Founded in 1846, the Associated Press describes itself as “the most trusted source of fast, accurate, unbiased news in all formats and the essential provider of the technology and services vital to the news business.” More than half of the world’s population is exposed to AP stories every day, the wire service claims.

Associated Press members, traditionally newspapers, pay an annual fee based on their circulation for access to AP wire stories. Larger newspapers pay more, sometimes millions of dollars.

The AP has always touted its ethical principles as the reason why it deserves the public’s trust.

“We are The Associated Press. We have a long-standing role setting the industry standard for ethics in journalism. It is our job – more than ever before – to report the news accurately and honestly,” the AP claims on its “News Values and Principles” page.

When the Associated Press makes an error, the damage is compounded because its wire stories have such a wide reach. They’re pushed out to AP members on multiple platforms – print, radio, television and digital – so corrections are a big deal, or at least they used to be.

Nowadays, however, whenever one of its correspondents writes about guns or the Second Amendment, the AP is just as inaccurate and just as biased as any other member of the legacy media – another symptom of its overall decline.

The errors

An AP story published earlier this month titled “Why mass shootings and violence increase in the summer,” contained errors of fact and fake data. It was written by AP correspondent John Seewer, who according to his bio writes about “bizarre, crazy and interesting happenings in northern Ohio and beyond.”

“The Gun Violence Archive, which tracks mass shootings involving four or more people regardless of whether they died, shows June, July, and August have had the highest total number of mass shootings over the past decade. The lowest totals were from December through March. Independence Day topped the list with 58 mass shootings over the last 10 years – closely followed by July 5, according to the archive.” Seewer wrote.

His story also claimed teens with idle time on their hands, alcohol consumption and a lack of air conditioning can cause mass shootings.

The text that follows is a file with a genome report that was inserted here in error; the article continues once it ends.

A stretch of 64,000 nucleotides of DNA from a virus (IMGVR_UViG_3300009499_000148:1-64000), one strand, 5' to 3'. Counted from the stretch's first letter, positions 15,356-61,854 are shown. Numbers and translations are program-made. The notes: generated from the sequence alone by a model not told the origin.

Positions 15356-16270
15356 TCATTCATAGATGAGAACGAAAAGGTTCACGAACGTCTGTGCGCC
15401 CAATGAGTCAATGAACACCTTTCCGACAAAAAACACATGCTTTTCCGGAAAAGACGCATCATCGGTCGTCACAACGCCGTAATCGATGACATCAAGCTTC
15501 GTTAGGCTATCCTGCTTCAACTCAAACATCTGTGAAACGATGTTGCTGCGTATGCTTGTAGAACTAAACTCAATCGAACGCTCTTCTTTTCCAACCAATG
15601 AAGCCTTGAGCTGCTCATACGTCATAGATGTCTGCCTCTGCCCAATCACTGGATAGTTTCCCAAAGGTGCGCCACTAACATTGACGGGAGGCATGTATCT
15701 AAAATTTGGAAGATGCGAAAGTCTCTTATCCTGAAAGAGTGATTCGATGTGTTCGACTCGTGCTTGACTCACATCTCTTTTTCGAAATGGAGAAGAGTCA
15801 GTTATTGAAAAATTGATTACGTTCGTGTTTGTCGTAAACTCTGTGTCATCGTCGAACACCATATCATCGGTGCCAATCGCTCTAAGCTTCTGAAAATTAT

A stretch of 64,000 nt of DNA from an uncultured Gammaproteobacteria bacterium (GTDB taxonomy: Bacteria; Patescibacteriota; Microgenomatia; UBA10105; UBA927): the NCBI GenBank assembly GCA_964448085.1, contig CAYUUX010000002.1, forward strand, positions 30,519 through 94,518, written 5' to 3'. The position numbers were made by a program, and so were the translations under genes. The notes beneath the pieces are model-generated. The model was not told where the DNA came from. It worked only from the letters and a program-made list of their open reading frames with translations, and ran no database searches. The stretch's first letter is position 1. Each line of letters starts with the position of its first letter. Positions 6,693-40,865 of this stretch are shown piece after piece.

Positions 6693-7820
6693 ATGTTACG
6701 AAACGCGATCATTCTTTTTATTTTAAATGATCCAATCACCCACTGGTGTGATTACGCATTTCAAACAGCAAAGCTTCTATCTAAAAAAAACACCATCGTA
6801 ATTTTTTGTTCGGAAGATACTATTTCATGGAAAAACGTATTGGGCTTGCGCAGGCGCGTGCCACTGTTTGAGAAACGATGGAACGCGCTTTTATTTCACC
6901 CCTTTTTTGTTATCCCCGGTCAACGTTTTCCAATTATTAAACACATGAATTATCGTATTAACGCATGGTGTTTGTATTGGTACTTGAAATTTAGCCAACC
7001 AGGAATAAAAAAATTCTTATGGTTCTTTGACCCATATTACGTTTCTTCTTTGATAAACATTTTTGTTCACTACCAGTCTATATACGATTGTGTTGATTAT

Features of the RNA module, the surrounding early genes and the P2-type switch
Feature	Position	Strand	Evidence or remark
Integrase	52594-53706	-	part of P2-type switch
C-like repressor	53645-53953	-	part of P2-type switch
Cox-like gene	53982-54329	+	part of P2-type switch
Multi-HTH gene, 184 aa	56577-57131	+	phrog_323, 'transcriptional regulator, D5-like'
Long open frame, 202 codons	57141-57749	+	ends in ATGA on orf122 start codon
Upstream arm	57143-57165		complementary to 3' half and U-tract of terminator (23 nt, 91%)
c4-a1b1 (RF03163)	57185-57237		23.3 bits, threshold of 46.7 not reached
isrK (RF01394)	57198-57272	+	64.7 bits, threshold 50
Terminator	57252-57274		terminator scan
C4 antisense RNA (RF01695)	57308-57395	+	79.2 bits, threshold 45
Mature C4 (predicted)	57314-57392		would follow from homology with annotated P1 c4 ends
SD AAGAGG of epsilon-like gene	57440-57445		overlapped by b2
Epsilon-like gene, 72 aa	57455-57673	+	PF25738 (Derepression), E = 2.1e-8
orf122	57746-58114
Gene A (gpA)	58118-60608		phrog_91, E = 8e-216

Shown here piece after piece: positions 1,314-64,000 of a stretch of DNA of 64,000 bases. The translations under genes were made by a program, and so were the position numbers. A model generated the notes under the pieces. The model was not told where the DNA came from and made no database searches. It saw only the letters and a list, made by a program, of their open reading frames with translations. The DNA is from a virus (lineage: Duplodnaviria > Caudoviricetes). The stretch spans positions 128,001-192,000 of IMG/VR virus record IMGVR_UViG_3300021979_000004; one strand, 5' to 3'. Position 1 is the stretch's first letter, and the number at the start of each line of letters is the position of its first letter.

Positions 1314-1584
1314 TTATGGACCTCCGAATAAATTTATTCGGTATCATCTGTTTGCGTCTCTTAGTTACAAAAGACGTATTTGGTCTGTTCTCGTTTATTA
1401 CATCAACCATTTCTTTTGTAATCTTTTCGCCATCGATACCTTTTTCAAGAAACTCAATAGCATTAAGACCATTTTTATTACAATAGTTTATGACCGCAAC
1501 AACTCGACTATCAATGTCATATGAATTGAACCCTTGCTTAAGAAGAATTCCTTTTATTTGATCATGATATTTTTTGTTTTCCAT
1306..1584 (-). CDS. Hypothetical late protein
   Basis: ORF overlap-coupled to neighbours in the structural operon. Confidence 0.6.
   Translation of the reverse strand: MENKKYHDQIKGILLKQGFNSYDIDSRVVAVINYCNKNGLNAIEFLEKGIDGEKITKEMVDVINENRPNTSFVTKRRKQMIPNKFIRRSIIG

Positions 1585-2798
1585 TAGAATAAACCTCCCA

We have debunked the Gun Violence Archive more than two-dozen times for its anti-gun bias and its fake data. Seewer should have known this. A simple Google search would have shown there were significant problems with his main data source.

He also could have compared and contrasted the GVA numbers with a database maintained by Northeastern University, USA TODAY and his employer, the Associated Press. The two datasets are vastly different. According to the Gun Violence Archive there have been 284 mass shootings in 2024. The AP database says there have been 20 mass killings, of which 14 were shootings. Seewer actually cited both databases in the story but ignored the vast differences in their numbers.

According to AP’s ethics page, data must be vetted for “integrity and validity.”

“Data should be assessed in terms of the methodology behind it, sample sizes, when it was collected and the availability of other data to confirm or challenge it. Combining more than one dataset into a presentation should be done carefully and transparently,” AP’s ethics state. “We must distinguish carefully between correlations and causal relationships.”

The Second Amendment Foundation sent a correction request to the AP via a portal on their website. The request included a link to Seewer’s story, as well as previously published information about the Gun Violence Archive.

“Thank you for your comment to our newsroom. If relevant, someone will get back to you as soon as possible,” The AP said in an automated email reply.

The AP has not commented further. The story is still available on the AP’s website and has not been corrected.

Troubled times

The Associated Press took a massive financial hit just four months ago, when newspaper giants Gannett and McClatchy cited dire financial pressures and cancelled their AP contracts. Almost immediately more than 230 newspapers stopped paying annual fees.

The AP was “disappointed,” according to its spokeswoman Lauren Easton.

“We appreciate that these are difficult decisions to make and deeply understand the challenges the news industry faces,” Easton said in a statement. “At the same time, this would be a disservice to news consumers across the U.S. who would no longer see fact-based journalism from the AP.”

The AP tried to downplay the significance of the loss by claiming only 10% of its revenue came from newspaper fees, because the AP was able to diversify by offering direct-to-consumer services and by creating an e-commerce site, AP Buyline, which few have ever heard of. But nearly everyone with even a smidgen of daily newspaper experience laughed at this claim.

The AP took a hard hit right in the wallet and it shows. They are not what they used to be. Their standards have dropped, and their once-vaunted ethical guidelines have become an afterthought.

Nowadays, it is difficult to be an informed news consumer, especially if you value the right to keep and bear arms. When a story involves guns or the Second Amendment, what passes for news is usually propaganda – finely honed and served up with a purpose.

Many Americans have found alternative news sources. This is the main reason why the Associated Press and other corporate media sources are hemorrhaging readers and viewers. The legacy media’s decline is self-inflicted. Their continued adherence to pushing false narratives did them in.

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